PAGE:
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Editorial
3 Quick Exercises That'll Help You Distinguish Good and Bad Challenges
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Jane Scudder

How many times have you learned about a new project starting at work or a new business opportunity forming and no matter how satisfied or not you are in your work, personal life, and/or a combo of those things, think to yourself, “Man! I’d like to be doing that!”

As a society we have have never had as many options as we do — in work and beyond — as we do today. And in turn, choosing how to allocate our time has never been more difficult.

But it doesn't have to be.

A cornerstone of my work as a certified leadership and personal development coach is value establishment. An individual client or organization might think it’s something that should be bypassed or moved through quickly, but the truth of the matter is all roads lead to values. Especially when we’re talking about making choices and whether a new opportunity is a good or bad use of our time and energy.

With clear values established we can determine what matters to us and why, and then can ensure we’re doing our best to live a life honoring our values (provided we want to be living a life aligned with our values — which, in my experience typically is the case).

So why am I bringing up values in this article you’re reading that is supposedly about taking on good vs. bad challenges? Again, all roads lead to values. Which means that understanding your values is the key first step.

There are countless different establishment techniques. As a coach, I’m biased and believe it’s often best to do this with someone else. This is because it’s such a personal thing — I’m often inspired to ask a certain question inspired by the specific client or group with whom I’m working. Also because it’s a never-ending process — you think you may have identified all of your values but in the middle of a conversation with someone else you realize one (or two!) more.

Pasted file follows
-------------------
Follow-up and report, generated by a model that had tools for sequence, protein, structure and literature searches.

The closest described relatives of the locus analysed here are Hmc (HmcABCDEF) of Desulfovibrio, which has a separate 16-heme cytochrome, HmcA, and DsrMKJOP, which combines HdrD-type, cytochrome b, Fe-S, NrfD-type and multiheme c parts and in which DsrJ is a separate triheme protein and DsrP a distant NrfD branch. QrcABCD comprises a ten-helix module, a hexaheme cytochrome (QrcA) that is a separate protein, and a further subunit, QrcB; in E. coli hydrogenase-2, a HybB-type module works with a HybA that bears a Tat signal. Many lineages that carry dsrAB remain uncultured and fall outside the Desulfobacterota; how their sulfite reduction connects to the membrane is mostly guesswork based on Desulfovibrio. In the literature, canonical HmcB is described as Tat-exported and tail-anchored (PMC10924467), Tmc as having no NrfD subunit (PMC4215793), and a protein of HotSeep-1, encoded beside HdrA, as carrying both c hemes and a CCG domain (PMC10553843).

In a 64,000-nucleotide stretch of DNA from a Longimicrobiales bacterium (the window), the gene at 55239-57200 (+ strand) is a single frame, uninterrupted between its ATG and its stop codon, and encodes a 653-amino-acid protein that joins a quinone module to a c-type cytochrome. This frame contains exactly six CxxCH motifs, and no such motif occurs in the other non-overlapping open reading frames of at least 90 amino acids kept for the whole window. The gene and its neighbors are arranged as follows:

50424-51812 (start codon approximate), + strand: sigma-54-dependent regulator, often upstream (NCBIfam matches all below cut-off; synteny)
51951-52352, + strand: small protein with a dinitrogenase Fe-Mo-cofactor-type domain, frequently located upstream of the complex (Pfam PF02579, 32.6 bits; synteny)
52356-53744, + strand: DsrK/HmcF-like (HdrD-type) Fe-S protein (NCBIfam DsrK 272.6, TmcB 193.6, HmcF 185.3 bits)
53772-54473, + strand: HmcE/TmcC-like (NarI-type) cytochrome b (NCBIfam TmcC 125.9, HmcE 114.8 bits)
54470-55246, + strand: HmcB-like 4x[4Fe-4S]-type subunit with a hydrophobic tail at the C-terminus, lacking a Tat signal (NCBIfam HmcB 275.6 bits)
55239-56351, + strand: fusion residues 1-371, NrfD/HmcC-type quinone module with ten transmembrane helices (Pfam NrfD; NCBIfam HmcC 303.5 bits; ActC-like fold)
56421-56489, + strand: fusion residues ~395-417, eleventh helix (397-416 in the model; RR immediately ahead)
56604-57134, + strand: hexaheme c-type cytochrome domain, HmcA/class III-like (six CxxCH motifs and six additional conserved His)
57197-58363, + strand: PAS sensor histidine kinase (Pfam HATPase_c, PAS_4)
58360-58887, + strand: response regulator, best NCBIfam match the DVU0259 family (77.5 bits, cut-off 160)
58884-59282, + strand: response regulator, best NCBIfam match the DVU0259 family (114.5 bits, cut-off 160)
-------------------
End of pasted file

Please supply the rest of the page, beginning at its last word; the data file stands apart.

That said, there are some ways you can explore this on your own. Feel out the vibe of the situation and the people around you and stick to your beliefs. Here's how to tell the difference between good challenges and bad ones and three simple things you can do to work on your own values:

1. Journal. Journaling may seem like it’s the answer to everything in the self-help and leadership development community but there’s a reason why it’s such a staple — it works. There’s a difference between what we say in our heads and what we express.

2. Say it out loud… preferably in a conversation with someone who’s committed to your value discovery. Giving our interests and desires voice helps us hear them better. Remember how I said there's a difference between saying something in our heads and writing it down? It changes again when we give it voice. Get in the habit of doing this.

3. Ask yourself, “What matters to me?” This is an intentionally very opened ended question and is a good place to begin that journaling and conversation if you’re unsure where to start. The first step in doing something meaningful and aligned with your values is to figure out what those are.

After you begin to get clear on your values, actively use them as a guide. When you’re faced with a new opportunity or a choice but can’t decide if it’ll be a “good” or a “bad” move, go back to your values. Are they aligned? Are they being stepped on? Will this work for your against what matters to you?

At the end of the day, the only person who can say for sure whether something will be “good” or “bad” for you is you. But this can be one of the most difficult things to determine. So next time you’re faced with a decision and you’re stuck on whether it may be a forward step or not, go back to your values and assess from there. All decisions we make that honor our values are decisions that will take us in the direction of living our happiest, most fulfilled, and productive lives.

 

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Jane Scudder is a certified leadership and personal development coach, facilitator, and workplace & strategy consultant based in Chicago, IL. She helps individuals and group navigate their careers, teams, and personal lives. Find out more at janescudder.com.

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